CHECK-IN As I was staying at the Hilton London Heathrow Terminal 4 (click here for a recent review), which is connected by a walkway, it only took me ten minutes to get from my bedroom at the hotel to check-in at Zone E. I arrived at 0500 but had to wait until 0515 for the bag-drop desks to open.
As I had already checked in online the day before (online check-in can be done 30 hours prior to departure but is 24 hours prior to departure if travelling to the US), changed my seat selection to 1A, and printed my boarding pass, all I needed to do was drop my bag off, but there was a bit of a wait for this as well, even once the desks had opened. There also seemed to be a lot of confused people waiting in line who were attempting to check in at the bag-drop desk. They were all sent away to do use one of the nearby self-service check-in machines, print a boarding pass and then queue up again to drop their bags off.
As I was flying the first leg of a business class flight to San Francisco, I was free to check two pieces of luggage in with a combined weight of 30kg, but I only checked in one, which was through-checked to my final destination. I was then given a new boarding pass and directed to the Holideck lounge, through security in the main departures hall, which was quick and painless, and then five minutes’ walk towards Gate 15.
THE LOUNGE Both the terminal and the lounge were quiet on this Friday morning at 0535. After showing the attendant behind the reception desk my boarding card and passport, I was given a printout detailing how to connect to the internet (wifi is free throughout the lounge). The Holideck lounge is also used by passengers flying with carriers including Sri Lankan Airlines, TAM, Air Malta, Delta and Continental – that is until the new Skyteam lounge opens at T4 this summer, when all the Skyteam alliance carriers will move there. (All other passengers are allowed to use the Holideck lounge for £20 per adult and £10 per child.)
There are various seating areas in the Main Deck with low tables and chairs upholstered in red, green or blue faux leather, a snooze zone and porthole windows on the wall facing the corridor. A dual bar area had a good selection of alcoholic and soft drinks, coffee, crisps and biscuits. Had I had a little more time, I would have explored the lounge further, as according to holideck.co.uk, it also has a sports lounge and bar on the Upper Deck and access to a glazed observatory on the Flight Deck on the roof of T4 with views of the runway and airfield.
BOARDING At 0600, after checking my emails and finishing an orange juice, I noticed that the screens showed boarding for my 0630 flight – KL1000 to Amsterdam – had begun at Gate 20, a short walk away. While there was a bit of a wait to board, I was in my seat by 0620, my jacket taken, and a newspaper offered (The Times).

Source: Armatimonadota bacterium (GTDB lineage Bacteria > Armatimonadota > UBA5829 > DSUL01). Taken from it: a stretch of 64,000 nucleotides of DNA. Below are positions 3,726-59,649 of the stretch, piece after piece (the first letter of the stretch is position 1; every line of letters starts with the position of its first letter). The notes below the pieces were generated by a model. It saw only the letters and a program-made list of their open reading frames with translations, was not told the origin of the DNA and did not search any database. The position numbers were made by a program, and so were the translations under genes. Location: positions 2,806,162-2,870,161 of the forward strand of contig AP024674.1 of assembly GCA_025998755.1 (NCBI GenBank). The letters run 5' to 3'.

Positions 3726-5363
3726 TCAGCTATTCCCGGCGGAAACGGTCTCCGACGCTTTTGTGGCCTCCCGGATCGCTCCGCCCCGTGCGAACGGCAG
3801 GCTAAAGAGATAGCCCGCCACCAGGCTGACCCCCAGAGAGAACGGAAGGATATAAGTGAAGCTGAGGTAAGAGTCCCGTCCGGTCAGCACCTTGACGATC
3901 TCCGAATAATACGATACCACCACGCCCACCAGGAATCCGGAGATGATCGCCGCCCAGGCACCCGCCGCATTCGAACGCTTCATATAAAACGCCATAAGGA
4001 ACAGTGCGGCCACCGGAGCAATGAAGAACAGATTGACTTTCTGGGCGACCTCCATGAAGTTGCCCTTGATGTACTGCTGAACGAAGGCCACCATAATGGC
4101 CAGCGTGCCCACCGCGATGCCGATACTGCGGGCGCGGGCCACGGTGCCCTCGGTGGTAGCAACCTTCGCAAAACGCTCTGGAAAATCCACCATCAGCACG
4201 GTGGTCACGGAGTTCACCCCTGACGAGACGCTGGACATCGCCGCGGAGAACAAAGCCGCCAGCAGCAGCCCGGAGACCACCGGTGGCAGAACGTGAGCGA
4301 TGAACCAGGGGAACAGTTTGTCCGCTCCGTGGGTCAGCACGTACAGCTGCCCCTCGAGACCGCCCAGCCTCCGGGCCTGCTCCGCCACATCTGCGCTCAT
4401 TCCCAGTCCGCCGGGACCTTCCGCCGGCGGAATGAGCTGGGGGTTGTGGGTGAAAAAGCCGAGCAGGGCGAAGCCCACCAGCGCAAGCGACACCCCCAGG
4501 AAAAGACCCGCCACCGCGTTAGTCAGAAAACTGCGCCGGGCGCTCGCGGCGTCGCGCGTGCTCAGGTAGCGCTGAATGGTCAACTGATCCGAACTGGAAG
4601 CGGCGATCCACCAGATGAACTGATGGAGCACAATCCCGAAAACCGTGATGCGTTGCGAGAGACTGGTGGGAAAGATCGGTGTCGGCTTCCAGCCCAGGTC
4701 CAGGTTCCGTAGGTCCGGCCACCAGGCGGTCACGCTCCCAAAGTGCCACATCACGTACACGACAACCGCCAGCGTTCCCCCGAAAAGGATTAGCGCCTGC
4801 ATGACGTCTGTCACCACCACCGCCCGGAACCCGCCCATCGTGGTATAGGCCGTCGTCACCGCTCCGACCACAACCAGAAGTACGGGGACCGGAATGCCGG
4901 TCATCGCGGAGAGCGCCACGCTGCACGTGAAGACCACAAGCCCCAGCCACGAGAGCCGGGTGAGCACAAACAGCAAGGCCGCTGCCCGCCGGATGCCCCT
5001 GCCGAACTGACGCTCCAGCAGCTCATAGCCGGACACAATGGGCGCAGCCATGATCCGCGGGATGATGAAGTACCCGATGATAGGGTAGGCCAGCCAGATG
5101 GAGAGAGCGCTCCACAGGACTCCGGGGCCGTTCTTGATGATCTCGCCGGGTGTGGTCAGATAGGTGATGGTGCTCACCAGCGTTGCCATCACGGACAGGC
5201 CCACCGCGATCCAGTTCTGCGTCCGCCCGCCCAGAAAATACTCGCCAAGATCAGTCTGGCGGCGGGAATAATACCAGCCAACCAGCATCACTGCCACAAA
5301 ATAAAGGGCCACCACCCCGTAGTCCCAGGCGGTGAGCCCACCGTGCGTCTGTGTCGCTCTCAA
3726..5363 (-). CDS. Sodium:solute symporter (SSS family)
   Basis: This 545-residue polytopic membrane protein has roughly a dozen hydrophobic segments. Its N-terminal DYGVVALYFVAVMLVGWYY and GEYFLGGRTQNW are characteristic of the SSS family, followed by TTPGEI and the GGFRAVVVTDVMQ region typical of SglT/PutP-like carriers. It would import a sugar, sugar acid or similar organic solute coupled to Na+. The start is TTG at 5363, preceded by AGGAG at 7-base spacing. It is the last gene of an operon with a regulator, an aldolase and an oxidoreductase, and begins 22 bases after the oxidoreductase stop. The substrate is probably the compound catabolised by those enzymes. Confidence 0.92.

THE SEAT KLM’s short-haul business class product is known as Europe Select, and on this B737-900 it was configured 3-3 (A-B-C, D-E-F) across four rows, with row one composed of only three seats (D-E-F). (Middle seats are kept free.) I was sitting in window seat 2A – note that seats A and C in row two and seats D and F in row one do not have under-seat storage as there is no seat in front. They do, however, have a little more legroom. Europe Select seats, which are upholstered in royal blue nylon with a burgundy seatbelt, have an average pitch of 33 inches (84cm), a width of 17.5 inches (44cm) and a recline of five inches (13cm).
WHICH SEAT TO CHOOSE? As this is such a short flight (about one hour) choosing your seat really comes down to whether you want to be next to the window or the aisle. If you want under-seat storage for a laptop or bag, then avoid 1D, 1F, 2A or 2C. (Click here to see the seat plan.)
THE FLIGHT The flight appeared almost full in both economy and business, and once everyone was on board, the plane started taxiing and took off at 0635. Food was served shortly after in a navy blue Europe Select-branded box containing: a plastic dish of cream cheese piadina (flatbread), salted veal and asparagus served with walnut cream; pumpkin compote on mango kheer topped with cranberries; and a hot bread roll. (As I am vegetarian I didn’t try the savoury course but the sweet was fine, if not a little sickly.) Coffee, tea and fresh orange juice were also offered.
ARRIVAL The flight landed 35 minutes earlier than scheduled at Amsterdam Schiphol airport at 0830, and we were disembarked efficiently. As my connecting flight KL605 to San Francisco was at 1110, I had time to go to the intercontinental KLM Crown lounge (number 52) about ten minutes’ walk away. (To read the KLM Amsterdam-San Francisco review, click here.)
VERDICT A stress-free journey with chatty, friendly cabin crew and a perfectly adequate seat for such a short journey.
PRICE Return business class flights from London to Amsterdam started from £415 in mid May.
By Jenny Southan